A quick heads up - this isn’t going to be an article filled with clever words and incredible insights. I’m talking to all the Junior UXers out there who want to improve how they work in order to become a better UX designer. I’ve been doing UX stuff here at Natural Interaction for almost three years now four years now.
This was my first role in this field as I came from a customer service. UX was a completely new idea to me. But I picked it up quite easily with the help of a good teacher and lots of reading I got there.
Now, I'm going to share a few tips with you.
In the beginning, I was completely hands-off in the design process. The way I dipped my toe in the UX pool was by watching remote user tests. When Adam was especially busy he’d give me the odd one here and there to annotate. The more I watched, the easier it became to recognise patterns in user behaviour. What tripped them up and why? What annoyed them? What delighted them?
Eventually, I was confident enough to watch, annotate and analyse any user test thrown my way. Nowadays, I love to do research analysis. I’m aware you may not have access to hours and hours of user test footage in your own role but my point is that you need to observe your users as much as you can by whatever means you have.
You'll be surprised by how much you'll learn and how much this will help you when it comes being a better user experience designer.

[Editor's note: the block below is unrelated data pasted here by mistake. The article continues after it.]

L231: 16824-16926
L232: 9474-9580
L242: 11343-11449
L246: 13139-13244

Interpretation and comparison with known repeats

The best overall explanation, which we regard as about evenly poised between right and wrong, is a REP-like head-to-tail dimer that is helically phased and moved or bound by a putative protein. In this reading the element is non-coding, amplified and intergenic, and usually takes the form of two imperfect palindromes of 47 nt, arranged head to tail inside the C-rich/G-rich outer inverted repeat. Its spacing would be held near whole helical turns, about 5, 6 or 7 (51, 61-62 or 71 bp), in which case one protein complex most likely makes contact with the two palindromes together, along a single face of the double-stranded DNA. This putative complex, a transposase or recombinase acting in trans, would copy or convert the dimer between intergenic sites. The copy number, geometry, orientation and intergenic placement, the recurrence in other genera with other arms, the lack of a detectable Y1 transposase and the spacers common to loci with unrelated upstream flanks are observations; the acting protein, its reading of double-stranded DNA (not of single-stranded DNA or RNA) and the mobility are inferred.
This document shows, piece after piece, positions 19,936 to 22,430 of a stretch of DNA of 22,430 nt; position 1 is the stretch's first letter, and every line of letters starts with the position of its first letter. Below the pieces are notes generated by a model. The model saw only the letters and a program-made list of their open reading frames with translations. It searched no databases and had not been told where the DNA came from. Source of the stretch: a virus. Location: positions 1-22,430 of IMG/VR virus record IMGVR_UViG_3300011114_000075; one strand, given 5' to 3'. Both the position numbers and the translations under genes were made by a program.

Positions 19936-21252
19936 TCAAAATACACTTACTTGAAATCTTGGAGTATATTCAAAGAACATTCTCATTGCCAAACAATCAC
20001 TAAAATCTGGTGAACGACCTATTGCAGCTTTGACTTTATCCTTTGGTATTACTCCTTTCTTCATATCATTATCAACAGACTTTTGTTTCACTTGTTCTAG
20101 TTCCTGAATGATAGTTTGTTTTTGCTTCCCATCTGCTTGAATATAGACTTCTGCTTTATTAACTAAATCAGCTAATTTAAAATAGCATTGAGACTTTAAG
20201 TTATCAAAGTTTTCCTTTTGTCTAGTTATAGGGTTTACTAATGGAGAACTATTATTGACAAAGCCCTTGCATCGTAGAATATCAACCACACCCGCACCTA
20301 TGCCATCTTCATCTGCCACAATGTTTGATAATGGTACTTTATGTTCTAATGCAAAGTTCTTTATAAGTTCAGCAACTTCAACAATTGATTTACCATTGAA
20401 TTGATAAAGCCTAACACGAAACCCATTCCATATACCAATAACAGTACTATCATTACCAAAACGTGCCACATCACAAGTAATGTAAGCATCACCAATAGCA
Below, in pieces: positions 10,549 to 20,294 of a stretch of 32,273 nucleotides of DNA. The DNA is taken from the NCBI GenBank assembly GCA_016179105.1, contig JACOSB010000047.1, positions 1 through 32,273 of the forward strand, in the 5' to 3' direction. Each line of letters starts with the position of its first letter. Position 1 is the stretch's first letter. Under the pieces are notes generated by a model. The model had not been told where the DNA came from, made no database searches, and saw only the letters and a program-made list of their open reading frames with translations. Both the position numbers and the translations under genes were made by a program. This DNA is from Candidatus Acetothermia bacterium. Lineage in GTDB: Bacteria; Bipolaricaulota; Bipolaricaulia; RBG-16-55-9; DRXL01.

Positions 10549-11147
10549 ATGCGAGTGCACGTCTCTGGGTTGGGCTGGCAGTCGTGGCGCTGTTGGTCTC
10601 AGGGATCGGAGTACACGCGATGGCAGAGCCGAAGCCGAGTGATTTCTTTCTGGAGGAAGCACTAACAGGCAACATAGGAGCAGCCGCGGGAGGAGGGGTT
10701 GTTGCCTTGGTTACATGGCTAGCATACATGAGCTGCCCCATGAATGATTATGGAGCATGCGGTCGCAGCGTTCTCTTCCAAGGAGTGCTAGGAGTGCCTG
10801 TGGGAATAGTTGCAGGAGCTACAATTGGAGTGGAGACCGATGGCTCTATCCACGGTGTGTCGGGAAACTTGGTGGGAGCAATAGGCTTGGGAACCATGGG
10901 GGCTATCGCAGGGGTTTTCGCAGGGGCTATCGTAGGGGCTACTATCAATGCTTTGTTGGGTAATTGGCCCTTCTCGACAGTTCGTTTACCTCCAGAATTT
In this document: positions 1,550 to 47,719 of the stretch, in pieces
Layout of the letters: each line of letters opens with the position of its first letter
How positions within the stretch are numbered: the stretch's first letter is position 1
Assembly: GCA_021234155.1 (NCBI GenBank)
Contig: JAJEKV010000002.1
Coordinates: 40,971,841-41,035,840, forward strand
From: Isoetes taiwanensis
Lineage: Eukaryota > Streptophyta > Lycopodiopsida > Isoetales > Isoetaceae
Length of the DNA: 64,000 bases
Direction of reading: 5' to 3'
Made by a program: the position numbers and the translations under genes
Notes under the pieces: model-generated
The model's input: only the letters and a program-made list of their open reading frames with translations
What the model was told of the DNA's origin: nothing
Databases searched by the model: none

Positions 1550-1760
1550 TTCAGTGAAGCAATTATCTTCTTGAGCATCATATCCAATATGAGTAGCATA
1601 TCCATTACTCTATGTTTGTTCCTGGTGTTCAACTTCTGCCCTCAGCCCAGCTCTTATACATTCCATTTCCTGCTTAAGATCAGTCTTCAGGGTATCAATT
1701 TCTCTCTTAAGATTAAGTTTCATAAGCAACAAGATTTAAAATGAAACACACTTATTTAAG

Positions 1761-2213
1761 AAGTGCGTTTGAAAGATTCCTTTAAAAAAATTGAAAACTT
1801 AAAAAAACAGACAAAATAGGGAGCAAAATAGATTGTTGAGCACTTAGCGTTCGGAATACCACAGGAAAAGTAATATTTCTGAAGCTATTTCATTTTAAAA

This seems obvious but it wasn’t to me at the time. Armed with all the knowledge and insight I felt I’d gained I was ready to try my hand at wireframes and prototypes. Again, I started small. I'd wireframe a page or build a small section of a prototype within a well-established project. And I did well - I felt confident I knew how it should look and how users would behave whilst using it. Yet, when more freedom and larger tasks started coming my way, I hit a wall.
Me jumping in here and there on an established project was fine because I knew what should be there. But with more creative control over a design, I struggled as I didn’t understand why I was doing it or how I could become a better UX designer. Which leads me to my next tip…
Ask your mentor, your boss, your users. Use Google, question your colleagues, friends, family, yourself... I’m not suggesting you hand out a questionnaire of UX related questions to your loved ones. But, if the opportunity arises, if they recommend or criticise a website or app to you, ask them why.
It seems small but it will help to speak to people that aren’t involved in a design role. I dealt with this in several ways.